by Jonathan Buhalis
Gold has a long and complex history. From gold's first discovery, it has symbolized wealth and guaranteed power. Gold has caused obsession in men and nations, destroyed some cultures and gave power to others.
Archaeological digs suggest the use of gold began in the Middle East where the first known civilizations began. The oldest pieces of gold jewelry Egyptian jewelry were found in the tomb of Queen Zer and that of Queen Pu-abi of Ur in Sumeria and are the oldest examples found of any kind of jewelry in a find from the third millennium BC. Over the centuries, most of the Egyptian tombs were raided, but the tomb of Tutankhamen was discovered undisturbed by modern archaeologists. Inside the largest collection of gold and jewelry in the world was found and included a gold coffin whose quality showed the advanced state of Egyptian craftsmanship and gold working (second millennium BC).
The Persian Empire, in what is now Iran, made frequent use of gold in artwork as part of the religion of Zoroastrianism. Persian gold work is most famous for its animal art, which was modified after the Arabs conquered the area in the 7th century AD.
When Rome began to flourish, the city attracted talented gold artisans who created gold jewelry of wide variety. The use of gold in Rome later expanded into household items and furniture in the homes of the higher classes. By the third century AD, the citizens of Rome wore necklaces that contained coins with the image of the emperor. As Christianity spread through the European continent, Europeans ceased burying their dead with their jewelry. As a result, few gold items survive from the Middle Ages, except those of royalty and from church hordes.
The Greeks, however, were perhaps the most skilled goldsmiths of their time, and produced works that adorn museums throughout the world. The Italians learned much of this craft from their more skilled Greek counterparts.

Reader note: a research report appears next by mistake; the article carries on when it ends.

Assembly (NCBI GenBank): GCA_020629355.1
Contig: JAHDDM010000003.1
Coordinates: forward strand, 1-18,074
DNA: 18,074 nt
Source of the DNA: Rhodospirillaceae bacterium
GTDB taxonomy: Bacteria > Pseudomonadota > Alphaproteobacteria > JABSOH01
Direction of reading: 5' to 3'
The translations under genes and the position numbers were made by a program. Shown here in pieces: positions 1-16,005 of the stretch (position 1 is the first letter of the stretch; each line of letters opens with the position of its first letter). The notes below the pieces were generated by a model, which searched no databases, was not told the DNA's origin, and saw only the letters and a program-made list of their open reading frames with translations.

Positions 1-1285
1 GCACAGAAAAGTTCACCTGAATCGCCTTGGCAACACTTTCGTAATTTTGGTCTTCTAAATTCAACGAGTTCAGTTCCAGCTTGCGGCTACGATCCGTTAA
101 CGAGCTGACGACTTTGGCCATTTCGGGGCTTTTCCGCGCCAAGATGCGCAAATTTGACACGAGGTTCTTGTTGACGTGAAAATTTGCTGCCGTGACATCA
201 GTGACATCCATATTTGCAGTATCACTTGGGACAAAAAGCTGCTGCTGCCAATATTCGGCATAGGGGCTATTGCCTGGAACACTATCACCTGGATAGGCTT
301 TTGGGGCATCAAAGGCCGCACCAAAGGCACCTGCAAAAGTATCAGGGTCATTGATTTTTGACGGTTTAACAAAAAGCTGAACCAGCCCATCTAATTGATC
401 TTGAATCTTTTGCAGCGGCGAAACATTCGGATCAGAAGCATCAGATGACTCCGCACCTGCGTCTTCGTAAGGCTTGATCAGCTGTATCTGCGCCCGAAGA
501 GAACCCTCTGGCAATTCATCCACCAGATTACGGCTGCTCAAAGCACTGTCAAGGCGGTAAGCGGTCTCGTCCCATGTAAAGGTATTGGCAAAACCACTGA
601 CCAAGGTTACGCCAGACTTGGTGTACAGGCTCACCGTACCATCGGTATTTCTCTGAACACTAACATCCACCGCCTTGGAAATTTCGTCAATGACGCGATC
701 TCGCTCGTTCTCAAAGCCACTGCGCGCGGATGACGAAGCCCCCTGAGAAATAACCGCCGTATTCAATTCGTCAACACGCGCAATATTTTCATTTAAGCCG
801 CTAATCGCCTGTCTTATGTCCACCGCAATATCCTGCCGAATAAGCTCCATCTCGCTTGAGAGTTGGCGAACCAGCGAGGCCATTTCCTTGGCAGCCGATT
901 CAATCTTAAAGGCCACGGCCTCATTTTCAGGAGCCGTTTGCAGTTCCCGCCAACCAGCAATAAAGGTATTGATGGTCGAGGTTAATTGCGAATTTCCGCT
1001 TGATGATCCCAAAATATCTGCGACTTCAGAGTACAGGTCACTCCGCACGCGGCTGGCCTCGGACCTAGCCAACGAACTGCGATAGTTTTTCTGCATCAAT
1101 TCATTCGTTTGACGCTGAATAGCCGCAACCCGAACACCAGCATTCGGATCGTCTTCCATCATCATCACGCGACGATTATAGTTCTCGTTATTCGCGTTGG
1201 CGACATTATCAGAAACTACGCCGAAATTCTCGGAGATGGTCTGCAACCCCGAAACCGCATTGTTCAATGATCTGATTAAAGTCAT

In the Americas, the skill of pre-Columbian cultures in the use of gold was highly advanced long before the arrival of the Spanish. Indian goldsmiths had mastered most of the techniques known by their European contemporaries when the Spanish arrived. They were adept at filigree, granulation, pressing and hammering, inlay and lost-wax methods. The Spanish conquerors melted down most of the gold that they took from the peoples of this region, and most of the remaining examples have come from modern excavations of gravesites. The greatest deposits of gold from these times were in the Andes and in Columbia.
During the frontier days of the United States news of the discovery of gold in a region could result in thousands of new settlers, many risking their lives to find gold. Gold rushes occurred in many of the Western States, the most famous occurring in California at Sutter's Mill in 1848. Elsewhere, gold rushes happened in Australia in 1851, South Africa in 1884, and in Canada in 1897.
The rise of a gold standard was meant to stabilize the global economy, dictating that a nation must limit its issued currency to the amount of gold it held in reserve. Great Britain was the first to adopt the gold standard in 1821, followed, in the 1870s by the rest of Europe. The system remained in effect until the end of the First World War, after which the US was the only country still honoring the Gold Standard. After the war, other countries were allowed to keep reserves of major currencies instead of gold. The arrival of the Great Depression marked the end of the U.S. export of gold in the 1930s. By mid 20th century, the US dollar had replaced gold in international trade.
The American Eagle Bullion program was launched in 1986 with the sale of gold and silver bullion coins. Platinum was added to the American Eagle Bullion family in 1997.
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